HEALTH & BEAUTY – The truth about varicose veins

The Whiteley Clinic

Established in 2001, The Whiteley Clinic is a private Medical Facility which specialises in the treatment of varicose veins. www.thewhiteleyclinic.co.uk

Article from FOCUS Magazine – Summer 14 issue.

Over a third of us will have them but do we really know how they are caused or what best to do if we think we have them?

According to the National Institute for Health and Care Excellence (NICE), varicose veins are estimated to affect at least a third of the population. There are few medical conditions that are so widely spread as varicose veins and thread veins and yet are misunderstood by so many.

Established in 2001, The Whiteley Clinic is a private Medical Facility which specialises in the treatment of varicose veins and venous conditions using a selection of surgical and non-surgical treatments. The Clinic’s founder, Professor Mark Whiteley was one of the first UK Consultant Surgeons to introduce new and minimally invasive vein surgery techniques (referred to as ‘pin hole’ surgery) to the United Kingdom when he performed the first procedure in March 1999.

Here, Professor Mark Whiteley looks to dispel some of the more common myths that are very often associated with varicose veins and their causes:

Women are more likely to suffer with varicose veins False: In general, women are much better at seeking medical advice whereas men tend to avoid going to the doctors at all costs – often to their own detriment. This has made it appear that women suffer with varicose veins more than men. In fact, there is now evidence to suggest that the reverse is true and that slightly more men than women have varicose veins.

Standing for long periods of time will cause varicose veins False: Varicose veins are caused by failure of the leg pump. When the leg pump fails, blood will travel down the arteries away from the heart and into the leg, but the veins cannot sufficiently pump the blood back out of the leg. Failure of the leg pump is usually due to the valves in the vein failing and causing the blood to flow back into the leg (reflux). Standing for long periods of time does not cause varicose veins, but it does allow them to form more quickly in people who have already suffered damage to their valves.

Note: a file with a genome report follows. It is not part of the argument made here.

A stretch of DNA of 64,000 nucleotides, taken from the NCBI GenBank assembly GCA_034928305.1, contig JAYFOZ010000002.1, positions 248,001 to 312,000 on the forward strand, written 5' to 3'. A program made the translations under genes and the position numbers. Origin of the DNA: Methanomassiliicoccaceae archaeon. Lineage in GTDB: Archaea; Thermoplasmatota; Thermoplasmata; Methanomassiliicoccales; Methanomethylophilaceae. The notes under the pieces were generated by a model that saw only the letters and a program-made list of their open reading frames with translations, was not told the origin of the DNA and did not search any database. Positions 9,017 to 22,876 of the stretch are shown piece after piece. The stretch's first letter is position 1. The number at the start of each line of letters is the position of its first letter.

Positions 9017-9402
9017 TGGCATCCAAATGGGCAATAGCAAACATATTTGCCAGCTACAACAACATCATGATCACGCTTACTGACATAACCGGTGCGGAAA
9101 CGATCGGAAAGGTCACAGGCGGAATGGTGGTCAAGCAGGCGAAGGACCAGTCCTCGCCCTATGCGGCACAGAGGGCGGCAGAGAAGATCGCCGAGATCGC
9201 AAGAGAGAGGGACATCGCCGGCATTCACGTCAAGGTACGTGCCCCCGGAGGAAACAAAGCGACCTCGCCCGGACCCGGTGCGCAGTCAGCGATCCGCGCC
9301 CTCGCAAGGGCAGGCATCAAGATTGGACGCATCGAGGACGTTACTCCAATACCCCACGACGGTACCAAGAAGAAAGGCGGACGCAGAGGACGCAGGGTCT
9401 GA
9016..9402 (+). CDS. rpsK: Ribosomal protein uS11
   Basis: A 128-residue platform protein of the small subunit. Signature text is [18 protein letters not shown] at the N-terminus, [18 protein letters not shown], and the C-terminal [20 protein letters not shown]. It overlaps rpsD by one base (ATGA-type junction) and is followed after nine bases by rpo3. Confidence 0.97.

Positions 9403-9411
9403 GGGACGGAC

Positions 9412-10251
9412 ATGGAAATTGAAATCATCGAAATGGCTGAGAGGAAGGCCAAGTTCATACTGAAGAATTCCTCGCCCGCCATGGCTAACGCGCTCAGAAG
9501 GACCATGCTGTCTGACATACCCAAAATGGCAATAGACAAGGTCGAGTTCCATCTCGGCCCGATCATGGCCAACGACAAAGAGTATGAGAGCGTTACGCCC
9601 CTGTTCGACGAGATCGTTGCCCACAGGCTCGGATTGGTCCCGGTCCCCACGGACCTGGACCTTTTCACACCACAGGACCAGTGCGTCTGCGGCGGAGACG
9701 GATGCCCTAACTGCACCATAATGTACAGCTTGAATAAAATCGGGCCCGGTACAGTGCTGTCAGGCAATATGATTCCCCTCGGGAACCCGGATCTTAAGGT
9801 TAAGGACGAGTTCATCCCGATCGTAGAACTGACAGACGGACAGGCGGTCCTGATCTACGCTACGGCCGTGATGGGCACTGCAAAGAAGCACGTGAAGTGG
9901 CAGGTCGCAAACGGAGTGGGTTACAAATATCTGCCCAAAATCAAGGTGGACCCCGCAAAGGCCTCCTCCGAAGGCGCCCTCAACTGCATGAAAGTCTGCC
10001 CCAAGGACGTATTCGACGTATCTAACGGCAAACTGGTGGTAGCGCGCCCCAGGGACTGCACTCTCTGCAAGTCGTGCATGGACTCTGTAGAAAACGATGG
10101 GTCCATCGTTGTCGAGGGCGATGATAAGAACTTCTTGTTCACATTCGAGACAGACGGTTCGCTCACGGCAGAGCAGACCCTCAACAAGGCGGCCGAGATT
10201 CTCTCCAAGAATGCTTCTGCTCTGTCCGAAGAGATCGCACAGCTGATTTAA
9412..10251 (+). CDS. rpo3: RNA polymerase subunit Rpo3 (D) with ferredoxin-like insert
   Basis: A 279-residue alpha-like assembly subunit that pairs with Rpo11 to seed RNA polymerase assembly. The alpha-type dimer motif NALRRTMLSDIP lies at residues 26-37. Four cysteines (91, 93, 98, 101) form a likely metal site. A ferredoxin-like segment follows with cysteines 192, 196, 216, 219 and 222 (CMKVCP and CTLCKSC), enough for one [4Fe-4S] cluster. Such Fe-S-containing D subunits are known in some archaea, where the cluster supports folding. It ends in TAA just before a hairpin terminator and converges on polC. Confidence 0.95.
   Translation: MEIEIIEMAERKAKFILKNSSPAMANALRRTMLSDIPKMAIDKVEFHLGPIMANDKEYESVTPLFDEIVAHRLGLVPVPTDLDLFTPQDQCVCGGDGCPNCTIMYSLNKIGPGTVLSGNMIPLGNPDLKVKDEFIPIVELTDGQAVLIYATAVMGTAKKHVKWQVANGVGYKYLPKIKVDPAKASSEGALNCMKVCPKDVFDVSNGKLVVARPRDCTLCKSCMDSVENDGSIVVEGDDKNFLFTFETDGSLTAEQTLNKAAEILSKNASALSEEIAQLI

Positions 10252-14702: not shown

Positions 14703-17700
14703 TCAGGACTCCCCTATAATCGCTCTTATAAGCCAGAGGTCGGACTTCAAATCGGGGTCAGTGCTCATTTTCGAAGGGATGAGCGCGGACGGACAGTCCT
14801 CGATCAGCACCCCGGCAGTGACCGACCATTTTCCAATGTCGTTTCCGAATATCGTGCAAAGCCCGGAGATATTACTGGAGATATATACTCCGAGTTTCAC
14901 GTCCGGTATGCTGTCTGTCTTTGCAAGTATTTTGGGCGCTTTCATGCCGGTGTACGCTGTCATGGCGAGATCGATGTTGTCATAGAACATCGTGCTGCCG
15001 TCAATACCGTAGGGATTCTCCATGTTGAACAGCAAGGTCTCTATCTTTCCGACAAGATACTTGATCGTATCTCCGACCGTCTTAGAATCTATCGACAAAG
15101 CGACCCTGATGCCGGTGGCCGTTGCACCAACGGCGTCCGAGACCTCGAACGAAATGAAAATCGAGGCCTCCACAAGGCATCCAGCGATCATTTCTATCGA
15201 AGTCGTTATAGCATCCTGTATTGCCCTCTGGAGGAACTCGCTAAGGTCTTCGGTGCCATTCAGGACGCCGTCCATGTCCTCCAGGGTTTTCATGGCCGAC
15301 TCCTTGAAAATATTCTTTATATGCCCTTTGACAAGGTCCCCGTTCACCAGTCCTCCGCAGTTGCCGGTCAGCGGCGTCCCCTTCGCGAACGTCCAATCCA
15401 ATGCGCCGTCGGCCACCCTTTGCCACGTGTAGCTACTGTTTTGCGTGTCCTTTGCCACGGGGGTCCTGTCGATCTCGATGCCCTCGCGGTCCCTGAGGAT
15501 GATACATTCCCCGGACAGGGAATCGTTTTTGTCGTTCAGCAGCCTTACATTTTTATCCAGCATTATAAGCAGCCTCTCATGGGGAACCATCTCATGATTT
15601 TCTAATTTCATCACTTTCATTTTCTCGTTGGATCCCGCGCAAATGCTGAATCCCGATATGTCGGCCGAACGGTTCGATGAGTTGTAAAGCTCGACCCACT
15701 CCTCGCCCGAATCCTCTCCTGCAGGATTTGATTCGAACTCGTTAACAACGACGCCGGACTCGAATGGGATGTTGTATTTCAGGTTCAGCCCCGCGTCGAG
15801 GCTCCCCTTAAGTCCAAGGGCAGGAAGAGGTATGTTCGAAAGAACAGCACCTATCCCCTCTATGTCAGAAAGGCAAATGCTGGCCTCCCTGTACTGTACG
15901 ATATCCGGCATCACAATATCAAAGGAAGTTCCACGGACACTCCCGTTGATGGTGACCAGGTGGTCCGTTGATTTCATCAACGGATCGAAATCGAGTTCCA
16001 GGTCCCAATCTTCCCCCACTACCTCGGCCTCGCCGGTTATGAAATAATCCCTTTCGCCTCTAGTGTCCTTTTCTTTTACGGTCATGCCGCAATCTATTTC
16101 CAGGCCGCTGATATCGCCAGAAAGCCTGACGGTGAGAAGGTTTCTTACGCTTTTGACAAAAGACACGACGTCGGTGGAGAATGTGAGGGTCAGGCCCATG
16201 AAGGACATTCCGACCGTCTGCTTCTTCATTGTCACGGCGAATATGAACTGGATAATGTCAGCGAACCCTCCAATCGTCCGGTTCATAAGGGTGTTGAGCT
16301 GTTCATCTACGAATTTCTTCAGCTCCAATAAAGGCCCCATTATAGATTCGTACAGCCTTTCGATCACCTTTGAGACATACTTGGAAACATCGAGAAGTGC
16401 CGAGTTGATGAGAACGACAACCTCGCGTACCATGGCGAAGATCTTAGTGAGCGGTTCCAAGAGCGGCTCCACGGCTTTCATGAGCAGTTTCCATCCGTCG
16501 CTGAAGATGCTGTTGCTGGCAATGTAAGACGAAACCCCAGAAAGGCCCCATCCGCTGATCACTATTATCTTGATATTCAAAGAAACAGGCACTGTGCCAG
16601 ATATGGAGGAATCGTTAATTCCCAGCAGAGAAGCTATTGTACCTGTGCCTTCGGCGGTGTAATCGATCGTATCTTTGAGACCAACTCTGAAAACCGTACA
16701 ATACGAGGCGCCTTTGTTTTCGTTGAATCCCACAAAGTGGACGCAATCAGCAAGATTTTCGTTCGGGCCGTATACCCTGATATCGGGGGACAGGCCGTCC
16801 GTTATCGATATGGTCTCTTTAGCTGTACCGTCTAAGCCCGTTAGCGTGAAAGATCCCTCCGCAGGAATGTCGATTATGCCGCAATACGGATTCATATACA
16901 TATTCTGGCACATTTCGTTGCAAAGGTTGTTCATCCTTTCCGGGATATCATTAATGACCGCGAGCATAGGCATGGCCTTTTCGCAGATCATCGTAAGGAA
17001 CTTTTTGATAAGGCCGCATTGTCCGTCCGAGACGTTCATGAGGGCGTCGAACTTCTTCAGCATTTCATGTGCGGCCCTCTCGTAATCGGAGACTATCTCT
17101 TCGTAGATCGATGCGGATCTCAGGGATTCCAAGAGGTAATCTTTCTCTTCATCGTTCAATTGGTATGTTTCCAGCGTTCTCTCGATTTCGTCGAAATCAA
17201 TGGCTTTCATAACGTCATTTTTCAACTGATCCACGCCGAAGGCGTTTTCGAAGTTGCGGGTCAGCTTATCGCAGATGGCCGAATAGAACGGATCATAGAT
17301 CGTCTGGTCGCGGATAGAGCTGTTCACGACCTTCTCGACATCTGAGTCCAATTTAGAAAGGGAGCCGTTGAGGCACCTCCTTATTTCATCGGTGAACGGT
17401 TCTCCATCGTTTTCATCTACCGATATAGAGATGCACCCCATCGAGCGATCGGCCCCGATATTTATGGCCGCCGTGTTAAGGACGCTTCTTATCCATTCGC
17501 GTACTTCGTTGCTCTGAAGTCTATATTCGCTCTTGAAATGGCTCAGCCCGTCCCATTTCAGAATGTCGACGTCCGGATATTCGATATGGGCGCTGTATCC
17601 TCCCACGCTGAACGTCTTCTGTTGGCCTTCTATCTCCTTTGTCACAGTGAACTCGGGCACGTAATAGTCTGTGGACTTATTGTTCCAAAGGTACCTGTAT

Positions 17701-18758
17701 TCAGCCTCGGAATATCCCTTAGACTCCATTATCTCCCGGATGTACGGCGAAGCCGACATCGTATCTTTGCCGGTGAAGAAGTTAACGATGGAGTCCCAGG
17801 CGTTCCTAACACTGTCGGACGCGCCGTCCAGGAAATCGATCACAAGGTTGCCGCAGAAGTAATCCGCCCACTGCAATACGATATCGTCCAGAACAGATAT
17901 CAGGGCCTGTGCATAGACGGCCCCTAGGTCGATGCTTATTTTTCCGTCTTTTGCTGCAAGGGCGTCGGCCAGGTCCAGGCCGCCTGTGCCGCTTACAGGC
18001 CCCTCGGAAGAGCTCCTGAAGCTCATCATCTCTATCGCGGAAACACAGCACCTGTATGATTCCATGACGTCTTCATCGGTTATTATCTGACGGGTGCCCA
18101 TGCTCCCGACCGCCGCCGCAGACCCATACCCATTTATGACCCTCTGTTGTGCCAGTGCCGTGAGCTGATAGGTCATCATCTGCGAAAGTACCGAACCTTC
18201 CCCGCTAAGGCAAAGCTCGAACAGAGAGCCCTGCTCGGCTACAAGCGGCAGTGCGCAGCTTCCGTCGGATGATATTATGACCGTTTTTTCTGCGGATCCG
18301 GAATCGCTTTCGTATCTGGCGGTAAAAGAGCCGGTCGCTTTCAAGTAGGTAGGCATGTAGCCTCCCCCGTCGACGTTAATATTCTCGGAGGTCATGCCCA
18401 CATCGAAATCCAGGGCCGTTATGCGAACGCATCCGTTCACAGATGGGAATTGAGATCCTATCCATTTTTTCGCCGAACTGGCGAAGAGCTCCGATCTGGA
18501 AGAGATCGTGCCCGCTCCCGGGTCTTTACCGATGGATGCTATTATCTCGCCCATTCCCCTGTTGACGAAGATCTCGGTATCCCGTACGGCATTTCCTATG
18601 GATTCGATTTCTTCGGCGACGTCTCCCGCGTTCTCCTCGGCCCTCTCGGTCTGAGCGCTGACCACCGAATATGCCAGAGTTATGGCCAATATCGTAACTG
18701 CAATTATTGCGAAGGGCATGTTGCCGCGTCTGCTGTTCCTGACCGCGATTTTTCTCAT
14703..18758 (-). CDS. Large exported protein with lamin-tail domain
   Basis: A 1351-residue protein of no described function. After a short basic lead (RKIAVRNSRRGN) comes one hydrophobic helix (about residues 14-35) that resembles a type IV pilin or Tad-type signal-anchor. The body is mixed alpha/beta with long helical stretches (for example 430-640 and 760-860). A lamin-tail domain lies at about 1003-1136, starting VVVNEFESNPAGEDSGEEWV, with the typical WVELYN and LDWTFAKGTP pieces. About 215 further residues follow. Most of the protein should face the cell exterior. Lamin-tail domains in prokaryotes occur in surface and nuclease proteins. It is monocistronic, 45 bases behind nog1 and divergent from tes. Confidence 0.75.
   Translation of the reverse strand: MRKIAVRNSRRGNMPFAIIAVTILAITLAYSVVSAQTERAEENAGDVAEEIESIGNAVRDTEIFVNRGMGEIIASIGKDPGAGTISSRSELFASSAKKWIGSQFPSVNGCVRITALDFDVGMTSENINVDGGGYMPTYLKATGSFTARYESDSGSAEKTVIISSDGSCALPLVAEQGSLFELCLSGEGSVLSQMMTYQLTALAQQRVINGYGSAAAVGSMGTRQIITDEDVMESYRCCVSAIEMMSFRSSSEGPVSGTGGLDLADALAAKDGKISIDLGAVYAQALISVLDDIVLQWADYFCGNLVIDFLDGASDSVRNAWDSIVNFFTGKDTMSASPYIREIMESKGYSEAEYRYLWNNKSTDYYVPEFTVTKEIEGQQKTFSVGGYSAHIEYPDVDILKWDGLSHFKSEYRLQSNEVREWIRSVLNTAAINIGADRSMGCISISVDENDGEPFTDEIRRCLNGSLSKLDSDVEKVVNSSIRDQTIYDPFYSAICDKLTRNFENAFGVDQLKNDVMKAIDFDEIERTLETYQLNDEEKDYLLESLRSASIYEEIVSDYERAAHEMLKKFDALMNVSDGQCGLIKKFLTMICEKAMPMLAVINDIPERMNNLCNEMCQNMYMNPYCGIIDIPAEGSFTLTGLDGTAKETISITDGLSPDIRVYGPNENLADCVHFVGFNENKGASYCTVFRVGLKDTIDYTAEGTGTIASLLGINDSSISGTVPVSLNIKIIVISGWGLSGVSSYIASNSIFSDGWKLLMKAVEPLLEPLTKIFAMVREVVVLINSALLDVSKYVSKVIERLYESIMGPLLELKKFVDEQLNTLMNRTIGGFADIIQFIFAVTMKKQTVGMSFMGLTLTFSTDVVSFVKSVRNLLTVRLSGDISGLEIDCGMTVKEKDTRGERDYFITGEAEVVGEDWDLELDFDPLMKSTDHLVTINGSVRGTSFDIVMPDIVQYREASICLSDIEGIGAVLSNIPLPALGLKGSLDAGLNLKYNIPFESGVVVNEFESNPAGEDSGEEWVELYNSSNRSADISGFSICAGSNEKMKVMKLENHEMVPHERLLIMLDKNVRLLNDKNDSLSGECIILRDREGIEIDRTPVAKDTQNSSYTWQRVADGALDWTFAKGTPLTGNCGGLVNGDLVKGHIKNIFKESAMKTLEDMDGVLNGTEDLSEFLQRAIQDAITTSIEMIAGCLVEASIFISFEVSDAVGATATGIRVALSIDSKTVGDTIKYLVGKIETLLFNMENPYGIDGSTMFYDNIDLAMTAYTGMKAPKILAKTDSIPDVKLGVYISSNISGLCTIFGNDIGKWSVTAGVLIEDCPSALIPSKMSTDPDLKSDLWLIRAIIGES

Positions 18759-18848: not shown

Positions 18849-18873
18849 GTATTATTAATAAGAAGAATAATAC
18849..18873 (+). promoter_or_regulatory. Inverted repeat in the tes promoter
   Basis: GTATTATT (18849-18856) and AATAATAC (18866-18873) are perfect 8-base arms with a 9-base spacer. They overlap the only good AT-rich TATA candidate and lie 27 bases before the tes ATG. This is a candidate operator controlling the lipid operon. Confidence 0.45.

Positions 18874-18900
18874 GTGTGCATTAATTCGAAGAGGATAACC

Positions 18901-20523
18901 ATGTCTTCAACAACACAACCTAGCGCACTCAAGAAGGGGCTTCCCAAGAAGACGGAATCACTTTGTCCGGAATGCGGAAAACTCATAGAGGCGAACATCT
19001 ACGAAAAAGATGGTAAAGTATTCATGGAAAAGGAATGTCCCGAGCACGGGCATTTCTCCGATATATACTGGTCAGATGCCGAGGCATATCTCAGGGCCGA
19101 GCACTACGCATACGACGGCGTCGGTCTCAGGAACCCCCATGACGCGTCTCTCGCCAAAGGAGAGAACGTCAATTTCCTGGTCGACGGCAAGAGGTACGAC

Varicose veins run in families True: To be precise, leg pump failure (venous reflux) does run in families and many people are unfortunately predisposed to varicose veins. Having relatives with venous problems does make it likely that you will too but doesn’t necessarily mean that you will go on to develop them. It also does not mean to say that your children will have them too, although they will be more likely to, than most other children.

Varicose veins can be safely left untreated False: The visible varicose veins are not really the problem in themselves but are the sign that there is an underlying problem that the leg pump is not working properly. If left untreated, the condition of the leg pump will continue to deteriorate causing further damage.

Pregnancy causes varicose veins False: This myth sprang up due to the simple observation that some women don’t seem to have varicose veins before they get pregnant, but then the veins appear during or after their pregnancy. Due to increased blood flow and change of hormones that occur during pregnancy, these underlying varicose veins may well become visible. However, in around 98% of women, they would have developed sooner or later.

Thread veins are very often early indicators of underlying ‘hidden’ varicose veins in almost 90% of people. To get the best chance of curing thread veins of the legs, it is essential to have a venous Duplex Ultrasound scan of the legs first, to find out where the thread veins are coming from.

Early diagnosis and treatment of varicose veins results in simpler and more cost effective treatment plans.

If you think you may have varicose veins, you can take a vein screening test at www.veinscreening.co.uk

For more information about The Whiteley Clinic or varicose veins, visit www.thewhiteleyclinic.co.uk